Counterparties: Ina the belly of the whale
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Last night, the Senate Permanent Subcommittee on Investigations released its 307-page report (plus aÂ 598-page appendix) on JP Morganâs disastrous London Whale trades. The report comes 11 months after trades were first reported, and, as DealBook notes, it details how JP Morgan âignored internal controls and manipulated documentsâ, all while withholding information from regulators.
FT Alphavilleâs Cardiff Garcia pulls some of the most damning excerpts. For instance, the report says that JP Morganâs assertion that they had been fully transparent with regulators had âno basis in factâ. Or take then-CFO Douglas Braunsteinâs comments on an earnings call that the CIOâs trades were a hedge against rising rates. On page 283, the report says that ânone of the scenarios that Mr. Braunstein himself said he relied on indicated that the book functioned as a hedgeâ. Matt Philips writes that JP Morgan has lost that battle: “JP Morgan now freely admitsâincluding Braunstein under oath this afternoonâthat the CIOâs problematic position didnât act as a hedge” and that the Senate report calls them out as proprietary trades.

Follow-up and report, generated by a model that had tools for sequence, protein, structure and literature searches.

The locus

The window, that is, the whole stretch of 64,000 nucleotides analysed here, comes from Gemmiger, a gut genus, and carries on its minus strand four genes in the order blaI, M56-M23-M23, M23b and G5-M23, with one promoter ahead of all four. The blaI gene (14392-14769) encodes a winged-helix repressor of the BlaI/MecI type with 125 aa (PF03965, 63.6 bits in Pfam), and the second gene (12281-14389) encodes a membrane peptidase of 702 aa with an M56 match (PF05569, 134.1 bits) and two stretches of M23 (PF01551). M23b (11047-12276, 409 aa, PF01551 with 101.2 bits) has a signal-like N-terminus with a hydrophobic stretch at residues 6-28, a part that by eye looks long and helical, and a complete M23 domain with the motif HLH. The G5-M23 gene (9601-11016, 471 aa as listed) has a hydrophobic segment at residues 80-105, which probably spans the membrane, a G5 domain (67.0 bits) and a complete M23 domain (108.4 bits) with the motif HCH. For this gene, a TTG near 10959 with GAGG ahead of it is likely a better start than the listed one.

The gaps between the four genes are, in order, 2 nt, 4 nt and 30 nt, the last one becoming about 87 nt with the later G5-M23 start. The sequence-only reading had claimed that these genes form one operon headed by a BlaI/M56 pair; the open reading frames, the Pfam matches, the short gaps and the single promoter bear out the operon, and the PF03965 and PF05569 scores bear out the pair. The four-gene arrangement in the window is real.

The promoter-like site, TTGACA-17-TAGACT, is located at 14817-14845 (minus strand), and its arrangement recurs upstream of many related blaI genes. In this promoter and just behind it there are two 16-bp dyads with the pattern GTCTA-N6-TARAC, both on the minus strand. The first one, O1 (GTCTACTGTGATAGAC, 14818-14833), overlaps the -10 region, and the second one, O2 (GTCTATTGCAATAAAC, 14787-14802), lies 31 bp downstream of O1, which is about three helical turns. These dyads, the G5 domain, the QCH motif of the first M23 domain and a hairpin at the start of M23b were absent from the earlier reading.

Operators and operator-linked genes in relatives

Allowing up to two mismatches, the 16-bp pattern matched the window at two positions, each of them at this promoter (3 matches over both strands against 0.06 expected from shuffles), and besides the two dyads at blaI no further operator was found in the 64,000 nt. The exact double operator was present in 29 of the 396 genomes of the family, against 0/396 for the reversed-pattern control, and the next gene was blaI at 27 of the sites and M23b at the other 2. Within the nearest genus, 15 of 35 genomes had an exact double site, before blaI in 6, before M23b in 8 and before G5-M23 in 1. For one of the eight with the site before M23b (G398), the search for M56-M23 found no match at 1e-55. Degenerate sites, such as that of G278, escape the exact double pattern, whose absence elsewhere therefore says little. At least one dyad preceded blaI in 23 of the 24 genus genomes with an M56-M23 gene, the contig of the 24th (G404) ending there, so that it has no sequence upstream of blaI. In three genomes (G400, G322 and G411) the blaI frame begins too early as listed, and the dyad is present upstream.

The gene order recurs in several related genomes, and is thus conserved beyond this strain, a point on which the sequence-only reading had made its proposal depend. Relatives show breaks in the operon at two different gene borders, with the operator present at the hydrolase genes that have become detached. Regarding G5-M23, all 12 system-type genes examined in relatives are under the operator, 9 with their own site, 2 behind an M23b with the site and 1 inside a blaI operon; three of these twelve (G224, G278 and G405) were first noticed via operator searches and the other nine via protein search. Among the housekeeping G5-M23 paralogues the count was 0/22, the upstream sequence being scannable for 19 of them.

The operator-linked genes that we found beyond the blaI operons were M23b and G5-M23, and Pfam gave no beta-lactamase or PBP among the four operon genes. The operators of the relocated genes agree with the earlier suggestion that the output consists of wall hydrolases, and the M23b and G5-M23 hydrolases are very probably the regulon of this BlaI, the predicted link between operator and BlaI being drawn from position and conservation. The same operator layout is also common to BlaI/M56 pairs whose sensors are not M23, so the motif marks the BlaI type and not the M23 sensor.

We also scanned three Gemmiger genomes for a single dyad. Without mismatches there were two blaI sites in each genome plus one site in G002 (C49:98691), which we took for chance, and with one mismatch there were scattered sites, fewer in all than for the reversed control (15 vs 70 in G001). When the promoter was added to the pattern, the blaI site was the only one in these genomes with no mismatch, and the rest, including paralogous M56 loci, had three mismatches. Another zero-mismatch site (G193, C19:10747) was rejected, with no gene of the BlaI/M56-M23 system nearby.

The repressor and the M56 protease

When JP Morgan abruptly shifted the way it valued these trades, their internal controller described them as âconsistent with industry practicesâ. But what the controller didnât say was that JP Morganâs investment bank valued the exact same securities differently. This may be why regulators described the trade as a âmake believe voodoo magic âcomposite hedge.ââ
Regulators at the Office of the Comptroller of the Currency donât come off looking great either. As Matt Levine writes, the report makes it âclear that no one at the OCC had any idea what was going on at JP Morgan, and never askedâ. The OCC also didnât bother to look at publicly available information that could have helped them understand what JP Morgan was withholding.
Jamie Dimon picked the right Congressional hearing to skip. Chairman Carl Levinâs questioning was pointed and specific; the answers he got from the current and former JP Morgan executives present were not. Braunstein repeatedly used the âI donât recallâ trope, sometimes to an absurd extent. Ina Drew, the former head of the Chief Investment Office, largely blamed London-based subordinates — who didnât testify. In her prepared testimony, Drew says she âdid not, and do not, believe I bore personal responsibility for the losses.â
Dimon may have a tougher time dodging the scandal: an email (see page 293 of the report) suggests he approved an increase in the CIOâs risk limits. And when the OCC requested detailed information on the bankâs positions, he replied âyou donât need that level of informationâ. — Ben Walsh
On to todayâs links:
And, of course, there are many more links at Counterparties.